I don't feel like arguing the point anymore, so you are correct, there are no people that make millions, tens of millions, hundreds of millions, or even billions of dollars a year that pay lower effective and marginal tax rates than someone who makes say $70,000 a year.
Quote:
But if we want to just look at income and all federal taxes, those klepto-wing shills at wapo have some pretty pictures of TPC data here: https://www.washingtonpost.com/news/...=.4059f547a382
Here we see that the top quintile takes in about half of the income and pays about 70% of the total federal taxes at an average rate of ~27%. I'm more than a little about how they're including corporate taxes (and also haven't scrutinized TPC's methods.) But if anyone has better numbers, let's see them.
One is behind a paywall, and the other is using numbers from 2013. Not only has the economy changed entirely, we have had at least one major round of tax cuts since then.

But, from your cite:
Quote:
The top 1 percent of households are on their way to doubling their share of the country's income pie, from 8.9 percent in 1979 to 15 percent in 2013. That top 1 percent now hauls in more money each year than the bottom 40 percent of households.
When the 1% are making more money than the bottom 40%, they can probably afford to pay more in taxes.
Quote:
Doubtless there are high-income individuals and individual households who pay very low tax rates. But they are not the norm.
With the new tax rules in place, allowing high income people to incorporate and pay a 21% top marginal rate on any incomes they receive, you have not given any reason to believe that they would not be the norm.
Quote:
(Yet -- I'm sure Congress is working on it.)
But, even if that changes, then we will maintain a 3.79% increase in tax revenue every year as your assertions here require, correct?



Look, I am just responding to Shodan's simplistic assertion that all we have to do to eliminate the deficit and ultimately the debt is to freeze spending. I do think that it is a bit more complicated than that. I do not think that 3.79% growth will continue for the next 37 years, and I have given reasons why I do not think that to be the case. You have countered my, to be fair, assumption that 3.79% growth would not be continuous over the next several decades by saying that small business growth will continue at the same rate it has over the last few years, even in the face of the loss of the ACA and higher interest rates.


You have argued that yes, freezing spending (while you agree is bad policy) would eliminate the deficit and debt, and though you used numbers that everyone knew were absurdly unrealistic as far as revenue and expenditure for even just this year alone, I didn't call you out for your competency or ask you to stop helping. I instead put your numbers into a spreadsheet and gave specific numbers and dates, based on the unrealistic numbers you wanted to start with.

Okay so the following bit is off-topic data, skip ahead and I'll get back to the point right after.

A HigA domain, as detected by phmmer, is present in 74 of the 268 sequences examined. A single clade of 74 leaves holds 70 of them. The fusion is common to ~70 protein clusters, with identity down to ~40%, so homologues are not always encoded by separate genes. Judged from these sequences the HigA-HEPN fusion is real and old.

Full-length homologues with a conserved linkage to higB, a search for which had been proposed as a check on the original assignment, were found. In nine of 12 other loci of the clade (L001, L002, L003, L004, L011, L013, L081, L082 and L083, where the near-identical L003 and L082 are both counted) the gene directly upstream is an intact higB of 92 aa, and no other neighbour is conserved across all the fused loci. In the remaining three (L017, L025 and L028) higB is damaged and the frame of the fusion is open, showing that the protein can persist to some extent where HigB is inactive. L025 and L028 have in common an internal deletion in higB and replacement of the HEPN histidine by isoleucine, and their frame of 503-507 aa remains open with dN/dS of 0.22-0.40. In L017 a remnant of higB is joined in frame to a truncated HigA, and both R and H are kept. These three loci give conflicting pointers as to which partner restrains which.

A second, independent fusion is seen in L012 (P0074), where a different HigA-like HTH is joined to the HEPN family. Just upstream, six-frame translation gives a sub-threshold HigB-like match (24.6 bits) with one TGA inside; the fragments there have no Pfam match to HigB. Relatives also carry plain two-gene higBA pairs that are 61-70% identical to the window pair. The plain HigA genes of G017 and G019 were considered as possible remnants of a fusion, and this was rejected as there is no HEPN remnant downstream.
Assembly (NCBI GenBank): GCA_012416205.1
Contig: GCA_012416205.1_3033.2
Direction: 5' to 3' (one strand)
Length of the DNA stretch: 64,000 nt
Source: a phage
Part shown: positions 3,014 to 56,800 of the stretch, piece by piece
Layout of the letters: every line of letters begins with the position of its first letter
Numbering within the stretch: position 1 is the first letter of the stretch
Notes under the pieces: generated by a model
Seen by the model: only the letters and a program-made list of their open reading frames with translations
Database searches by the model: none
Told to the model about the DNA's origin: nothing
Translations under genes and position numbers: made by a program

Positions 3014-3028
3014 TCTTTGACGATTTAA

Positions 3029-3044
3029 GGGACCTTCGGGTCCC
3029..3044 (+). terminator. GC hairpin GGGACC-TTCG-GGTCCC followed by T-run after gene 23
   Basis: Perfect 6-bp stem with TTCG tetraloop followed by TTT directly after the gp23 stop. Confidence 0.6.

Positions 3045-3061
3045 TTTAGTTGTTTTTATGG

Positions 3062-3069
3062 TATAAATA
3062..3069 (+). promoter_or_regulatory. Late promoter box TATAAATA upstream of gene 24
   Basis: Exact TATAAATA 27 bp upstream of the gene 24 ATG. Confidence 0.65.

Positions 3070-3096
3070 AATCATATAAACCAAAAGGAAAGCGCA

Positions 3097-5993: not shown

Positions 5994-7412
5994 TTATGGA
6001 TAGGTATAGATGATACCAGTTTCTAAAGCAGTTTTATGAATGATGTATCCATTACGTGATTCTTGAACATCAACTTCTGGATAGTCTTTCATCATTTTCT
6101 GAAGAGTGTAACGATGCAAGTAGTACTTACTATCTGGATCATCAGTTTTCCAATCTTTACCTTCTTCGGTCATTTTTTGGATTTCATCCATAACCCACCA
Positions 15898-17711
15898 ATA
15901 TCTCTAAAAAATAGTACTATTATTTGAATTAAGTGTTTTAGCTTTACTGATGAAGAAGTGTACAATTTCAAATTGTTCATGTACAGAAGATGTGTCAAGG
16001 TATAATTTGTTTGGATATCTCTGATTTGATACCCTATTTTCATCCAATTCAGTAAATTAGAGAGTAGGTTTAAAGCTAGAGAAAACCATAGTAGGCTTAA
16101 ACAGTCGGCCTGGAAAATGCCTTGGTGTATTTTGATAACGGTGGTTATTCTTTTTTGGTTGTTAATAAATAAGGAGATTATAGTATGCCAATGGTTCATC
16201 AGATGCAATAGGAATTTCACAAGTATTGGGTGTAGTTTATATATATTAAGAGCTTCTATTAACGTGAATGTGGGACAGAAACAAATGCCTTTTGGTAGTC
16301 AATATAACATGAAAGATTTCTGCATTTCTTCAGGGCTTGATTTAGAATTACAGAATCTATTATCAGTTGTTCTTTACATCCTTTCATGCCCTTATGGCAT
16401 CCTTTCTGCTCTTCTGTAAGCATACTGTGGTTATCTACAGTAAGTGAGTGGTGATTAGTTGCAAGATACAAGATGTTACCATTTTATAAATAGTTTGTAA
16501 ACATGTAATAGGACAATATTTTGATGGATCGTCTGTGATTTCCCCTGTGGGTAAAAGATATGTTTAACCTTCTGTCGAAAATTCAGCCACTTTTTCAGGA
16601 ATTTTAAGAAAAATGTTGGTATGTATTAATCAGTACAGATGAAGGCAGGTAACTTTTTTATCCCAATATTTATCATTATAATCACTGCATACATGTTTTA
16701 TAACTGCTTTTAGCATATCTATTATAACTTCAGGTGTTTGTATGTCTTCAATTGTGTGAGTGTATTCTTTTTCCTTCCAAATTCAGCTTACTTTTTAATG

A recession, even a slight one of just a fraction of a percent over only two quarters, is enough to completely throw all of you numbers off. I do not find it a realistic scenario to go an entire generation without even a single down business cycle.

Finally, while you did spam some links, they don't really say what I think you want them to say. You first link says that businesses starts are still (as of 2015, the latest data from that link) less than they were 10 years ago, the fifth chart shows just how vulnerable small business are to recessions, and the last chart shows that many of these small business are not growing businesses that create jobs, but people incorporating themselves in order to do the "gig economy", do contract work, or to take advantage of tax structures.

Your second link just says that small business starts are recovering to pre-recession levels, but its data ends in 2016, so doesn't take into account any of the new realities that we are facing.

Your third link confirms my point when it says "Startups and young firms are also particularly sensitive to business cycles and economic conditions. For example, there was a major reduction in the number of business startups in the early phases of the Great Recession.", and then later in Figure 3, further confirms what I said with, "or example, as shown in Figure 3, Business Applications with Planned Wages exhibits a sharp decline as the recession arrives, continues to drift lower, and shows little sign of recovery." Then for Figure 4, it once again confirms what I have been saying with "Overall, business applications that have relatively high likelihood of turning into job creators have not fully recovered after the Great Recession, and their quarterly volume is still far below its pre-recession levels. Combining Figures 2 through 4, there is recovery in the quantity but not so much in the quality of business applications, where quality is measured specifically by the probability that an application becomes a job creator in the near future."